Date of this Version
This paper explores the causal relationship between female education and fertility by exploiting a change in the compulsory schooling law (CSL) in Turkey. Using exposure to the CSL across cohorts as an instrumental variable, the results indicate that an extra year of female schooling reduces teenage fertility by 0.03 births, which is a reduction of 33%. Exploring heterogeneous effects indicates that female education reduces teenage fertility more in provinces with higher initial fertility and lower population density. Finally, the CSL postpones childbearing by delaying marriage thereby reducing fertility.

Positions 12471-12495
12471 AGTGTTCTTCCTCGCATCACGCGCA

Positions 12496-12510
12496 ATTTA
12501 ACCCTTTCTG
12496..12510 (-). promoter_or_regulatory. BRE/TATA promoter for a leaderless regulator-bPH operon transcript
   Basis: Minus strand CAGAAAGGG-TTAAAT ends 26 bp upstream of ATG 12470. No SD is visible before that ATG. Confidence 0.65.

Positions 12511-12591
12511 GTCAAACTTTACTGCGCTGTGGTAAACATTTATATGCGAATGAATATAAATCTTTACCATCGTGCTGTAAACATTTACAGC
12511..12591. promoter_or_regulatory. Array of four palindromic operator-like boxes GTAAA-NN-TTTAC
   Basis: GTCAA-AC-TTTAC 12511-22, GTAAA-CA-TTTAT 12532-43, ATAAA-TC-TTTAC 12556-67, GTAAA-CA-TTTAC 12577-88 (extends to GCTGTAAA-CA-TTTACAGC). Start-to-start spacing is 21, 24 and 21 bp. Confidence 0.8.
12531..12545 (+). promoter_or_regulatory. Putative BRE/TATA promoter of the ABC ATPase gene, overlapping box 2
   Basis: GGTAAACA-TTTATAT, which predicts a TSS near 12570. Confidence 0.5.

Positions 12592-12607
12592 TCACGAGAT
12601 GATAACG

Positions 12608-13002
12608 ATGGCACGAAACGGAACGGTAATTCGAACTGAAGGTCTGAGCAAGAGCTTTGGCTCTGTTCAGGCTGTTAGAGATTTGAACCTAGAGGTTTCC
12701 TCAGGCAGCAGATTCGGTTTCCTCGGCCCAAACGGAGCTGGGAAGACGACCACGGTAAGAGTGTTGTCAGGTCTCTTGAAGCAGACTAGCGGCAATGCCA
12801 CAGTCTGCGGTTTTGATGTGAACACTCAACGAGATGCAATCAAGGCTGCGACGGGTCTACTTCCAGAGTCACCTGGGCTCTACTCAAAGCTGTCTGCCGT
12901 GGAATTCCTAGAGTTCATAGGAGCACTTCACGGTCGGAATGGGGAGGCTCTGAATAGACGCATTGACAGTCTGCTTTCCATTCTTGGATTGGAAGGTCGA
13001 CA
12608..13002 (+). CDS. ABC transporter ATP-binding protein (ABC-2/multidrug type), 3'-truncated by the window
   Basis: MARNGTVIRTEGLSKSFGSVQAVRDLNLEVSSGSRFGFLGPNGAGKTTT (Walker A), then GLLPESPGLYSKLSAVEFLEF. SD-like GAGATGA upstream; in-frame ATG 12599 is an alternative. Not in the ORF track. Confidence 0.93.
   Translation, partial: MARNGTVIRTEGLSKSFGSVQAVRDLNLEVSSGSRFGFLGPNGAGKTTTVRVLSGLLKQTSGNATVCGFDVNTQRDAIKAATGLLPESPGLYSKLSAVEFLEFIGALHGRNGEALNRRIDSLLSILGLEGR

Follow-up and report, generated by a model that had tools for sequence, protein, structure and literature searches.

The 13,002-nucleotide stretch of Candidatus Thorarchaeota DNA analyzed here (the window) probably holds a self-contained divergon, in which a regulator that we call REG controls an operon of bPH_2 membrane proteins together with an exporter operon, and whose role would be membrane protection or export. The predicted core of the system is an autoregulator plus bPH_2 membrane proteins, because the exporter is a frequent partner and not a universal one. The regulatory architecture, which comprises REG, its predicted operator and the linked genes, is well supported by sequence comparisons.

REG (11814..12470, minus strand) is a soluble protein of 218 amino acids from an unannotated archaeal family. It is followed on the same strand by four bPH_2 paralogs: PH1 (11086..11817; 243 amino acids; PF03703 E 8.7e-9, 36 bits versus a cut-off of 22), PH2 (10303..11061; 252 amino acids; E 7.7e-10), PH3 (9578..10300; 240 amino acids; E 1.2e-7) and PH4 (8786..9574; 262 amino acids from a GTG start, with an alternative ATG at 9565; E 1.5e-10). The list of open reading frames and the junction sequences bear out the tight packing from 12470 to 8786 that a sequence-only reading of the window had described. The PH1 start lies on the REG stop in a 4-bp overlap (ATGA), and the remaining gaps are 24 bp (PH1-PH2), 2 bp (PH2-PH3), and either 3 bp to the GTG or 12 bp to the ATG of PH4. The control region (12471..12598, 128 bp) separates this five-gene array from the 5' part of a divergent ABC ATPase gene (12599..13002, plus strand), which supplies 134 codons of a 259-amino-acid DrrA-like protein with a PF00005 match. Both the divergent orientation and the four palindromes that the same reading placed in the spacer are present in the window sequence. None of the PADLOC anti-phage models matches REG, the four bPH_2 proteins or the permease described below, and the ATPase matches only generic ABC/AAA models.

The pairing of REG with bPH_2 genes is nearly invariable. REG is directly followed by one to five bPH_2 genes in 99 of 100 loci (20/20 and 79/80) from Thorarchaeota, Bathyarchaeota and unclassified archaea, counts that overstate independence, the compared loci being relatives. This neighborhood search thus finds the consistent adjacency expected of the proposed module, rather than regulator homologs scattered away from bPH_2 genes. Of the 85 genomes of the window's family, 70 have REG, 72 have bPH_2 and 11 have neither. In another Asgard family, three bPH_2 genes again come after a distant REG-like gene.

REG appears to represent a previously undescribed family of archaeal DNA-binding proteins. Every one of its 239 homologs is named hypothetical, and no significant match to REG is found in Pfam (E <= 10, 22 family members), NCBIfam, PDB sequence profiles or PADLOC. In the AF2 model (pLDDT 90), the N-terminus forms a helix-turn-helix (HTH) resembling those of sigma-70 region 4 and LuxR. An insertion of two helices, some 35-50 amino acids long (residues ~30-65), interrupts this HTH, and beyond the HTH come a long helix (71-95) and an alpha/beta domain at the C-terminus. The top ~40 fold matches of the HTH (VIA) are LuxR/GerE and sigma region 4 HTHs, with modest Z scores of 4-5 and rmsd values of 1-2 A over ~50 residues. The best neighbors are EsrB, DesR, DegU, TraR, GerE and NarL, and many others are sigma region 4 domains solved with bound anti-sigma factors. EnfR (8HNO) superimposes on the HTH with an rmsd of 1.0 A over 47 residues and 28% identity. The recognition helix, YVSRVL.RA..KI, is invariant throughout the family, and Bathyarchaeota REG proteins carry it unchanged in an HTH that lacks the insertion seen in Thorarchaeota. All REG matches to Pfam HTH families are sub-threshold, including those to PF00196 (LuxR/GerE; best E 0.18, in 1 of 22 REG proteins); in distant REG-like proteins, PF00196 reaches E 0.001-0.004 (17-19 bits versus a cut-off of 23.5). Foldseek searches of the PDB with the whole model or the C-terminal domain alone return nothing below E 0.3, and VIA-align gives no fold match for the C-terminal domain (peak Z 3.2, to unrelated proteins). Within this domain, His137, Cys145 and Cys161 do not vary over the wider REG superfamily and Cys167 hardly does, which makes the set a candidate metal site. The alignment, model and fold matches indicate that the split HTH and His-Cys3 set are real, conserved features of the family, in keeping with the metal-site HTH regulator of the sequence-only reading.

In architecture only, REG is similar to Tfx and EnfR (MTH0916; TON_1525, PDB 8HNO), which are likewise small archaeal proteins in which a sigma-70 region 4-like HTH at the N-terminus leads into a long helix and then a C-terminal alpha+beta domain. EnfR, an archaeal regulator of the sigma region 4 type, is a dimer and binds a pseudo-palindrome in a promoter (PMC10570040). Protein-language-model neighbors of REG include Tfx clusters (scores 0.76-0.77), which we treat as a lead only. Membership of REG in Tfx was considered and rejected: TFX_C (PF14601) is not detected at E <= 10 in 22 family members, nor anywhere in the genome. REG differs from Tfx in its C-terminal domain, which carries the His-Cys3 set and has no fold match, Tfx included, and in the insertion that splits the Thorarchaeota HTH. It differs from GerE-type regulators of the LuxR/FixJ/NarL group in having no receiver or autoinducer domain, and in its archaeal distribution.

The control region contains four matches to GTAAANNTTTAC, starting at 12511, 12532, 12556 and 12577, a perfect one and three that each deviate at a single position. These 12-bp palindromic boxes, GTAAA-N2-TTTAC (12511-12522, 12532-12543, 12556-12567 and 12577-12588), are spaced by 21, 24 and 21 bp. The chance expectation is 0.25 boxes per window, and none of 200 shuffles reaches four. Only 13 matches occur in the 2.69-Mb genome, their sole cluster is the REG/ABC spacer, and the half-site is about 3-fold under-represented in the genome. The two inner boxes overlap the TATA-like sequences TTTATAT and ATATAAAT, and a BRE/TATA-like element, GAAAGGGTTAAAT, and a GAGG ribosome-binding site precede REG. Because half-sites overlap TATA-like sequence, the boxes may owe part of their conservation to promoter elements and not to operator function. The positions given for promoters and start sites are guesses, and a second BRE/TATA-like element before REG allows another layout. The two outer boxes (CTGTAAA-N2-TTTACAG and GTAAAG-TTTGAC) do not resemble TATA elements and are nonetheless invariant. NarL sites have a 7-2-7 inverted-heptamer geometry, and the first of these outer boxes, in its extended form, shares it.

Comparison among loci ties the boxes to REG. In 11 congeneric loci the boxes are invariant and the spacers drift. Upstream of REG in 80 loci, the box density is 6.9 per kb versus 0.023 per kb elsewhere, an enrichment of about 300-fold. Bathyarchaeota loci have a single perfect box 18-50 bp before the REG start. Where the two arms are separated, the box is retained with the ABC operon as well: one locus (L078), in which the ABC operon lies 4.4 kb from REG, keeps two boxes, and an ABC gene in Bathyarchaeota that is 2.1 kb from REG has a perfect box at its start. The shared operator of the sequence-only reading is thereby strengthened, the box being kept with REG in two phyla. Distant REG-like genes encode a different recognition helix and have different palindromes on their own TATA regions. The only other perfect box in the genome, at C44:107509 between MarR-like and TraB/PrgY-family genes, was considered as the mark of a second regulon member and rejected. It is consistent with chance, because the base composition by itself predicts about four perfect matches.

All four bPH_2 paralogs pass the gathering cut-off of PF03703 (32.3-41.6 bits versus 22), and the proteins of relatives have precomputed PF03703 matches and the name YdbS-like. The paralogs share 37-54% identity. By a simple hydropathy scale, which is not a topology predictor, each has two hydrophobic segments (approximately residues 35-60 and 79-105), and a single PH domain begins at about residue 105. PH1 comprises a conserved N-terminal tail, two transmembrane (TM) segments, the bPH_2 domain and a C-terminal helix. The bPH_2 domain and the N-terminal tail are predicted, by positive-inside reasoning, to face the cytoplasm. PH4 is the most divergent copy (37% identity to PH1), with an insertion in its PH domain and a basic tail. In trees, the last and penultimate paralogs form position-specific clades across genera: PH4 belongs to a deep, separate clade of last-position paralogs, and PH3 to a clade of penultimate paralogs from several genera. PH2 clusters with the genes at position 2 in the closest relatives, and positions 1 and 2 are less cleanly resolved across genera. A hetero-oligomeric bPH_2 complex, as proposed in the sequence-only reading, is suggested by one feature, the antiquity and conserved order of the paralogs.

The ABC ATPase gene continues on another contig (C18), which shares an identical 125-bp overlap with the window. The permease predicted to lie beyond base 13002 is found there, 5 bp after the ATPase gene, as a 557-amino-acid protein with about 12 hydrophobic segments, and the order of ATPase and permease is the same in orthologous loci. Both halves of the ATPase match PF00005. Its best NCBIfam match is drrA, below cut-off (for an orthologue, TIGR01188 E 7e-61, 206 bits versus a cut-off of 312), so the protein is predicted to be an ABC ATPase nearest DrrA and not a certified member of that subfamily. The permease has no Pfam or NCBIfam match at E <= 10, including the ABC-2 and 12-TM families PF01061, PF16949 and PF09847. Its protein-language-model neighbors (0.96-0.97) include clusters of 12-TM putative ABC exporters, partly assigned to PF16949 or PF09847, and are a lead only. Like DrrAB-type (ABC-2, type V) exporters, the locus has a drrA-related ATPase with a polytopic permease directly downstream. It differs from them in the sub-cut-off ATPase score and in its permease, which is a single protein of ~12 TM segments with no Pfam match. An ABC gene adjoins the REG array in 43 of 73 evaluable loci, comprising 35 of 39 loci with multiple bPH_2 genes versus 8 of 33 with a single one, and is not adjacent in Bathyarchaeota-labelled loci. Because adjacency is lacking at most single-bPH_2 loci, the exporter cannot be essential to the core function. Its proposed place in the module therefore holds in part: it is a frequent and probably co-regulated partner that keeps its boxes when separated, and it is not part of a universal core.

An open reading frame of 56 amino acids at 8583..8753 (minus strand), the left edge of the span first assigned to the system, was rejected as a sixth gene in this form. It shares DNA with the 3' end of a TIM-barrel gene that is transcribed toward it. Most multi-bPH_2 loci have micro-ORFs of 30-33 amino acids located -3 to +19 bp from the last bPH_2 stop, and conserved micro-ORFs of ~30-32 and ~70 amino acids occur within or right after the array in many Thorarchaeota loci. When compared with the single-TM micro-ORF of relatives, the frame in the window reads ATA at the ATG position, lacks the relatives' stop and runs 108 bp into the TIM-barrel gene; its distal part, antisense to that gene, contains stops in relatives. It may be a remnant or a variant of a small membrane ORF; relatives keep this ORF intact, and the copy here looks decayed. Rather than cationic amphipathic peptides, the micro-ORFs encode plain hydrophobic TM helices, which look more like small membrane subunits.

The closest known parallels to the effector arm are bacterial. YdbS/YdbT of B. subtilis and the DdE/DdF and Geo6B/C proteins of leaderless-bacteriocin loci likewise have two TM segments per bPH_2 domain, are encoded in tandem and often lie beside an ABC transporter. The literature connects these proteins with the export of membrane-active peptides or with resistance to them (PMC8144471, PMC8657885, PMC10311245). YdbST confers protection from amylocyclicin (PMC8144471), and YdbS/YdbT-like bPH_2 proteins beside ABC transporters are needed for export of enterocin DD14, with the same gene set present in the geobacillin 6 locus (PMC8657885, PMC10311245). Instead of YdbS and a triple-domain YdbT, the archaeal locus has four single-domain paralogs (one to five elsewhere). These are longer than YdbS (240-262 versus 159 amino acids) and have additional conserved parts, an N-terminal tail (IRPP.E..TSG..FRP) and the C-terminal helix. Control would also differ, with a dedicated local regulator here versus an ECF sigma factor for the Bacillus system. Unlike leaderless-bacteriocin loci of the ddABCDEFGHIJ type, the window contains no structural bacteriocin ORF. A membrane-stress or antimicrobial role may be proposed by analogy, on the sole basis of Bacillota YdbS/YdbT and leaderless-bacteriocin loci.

Compulsory schooling, Economic development, Female education, Fertility, Instrumental variables, Turkey
Date Posted: 26 July 2013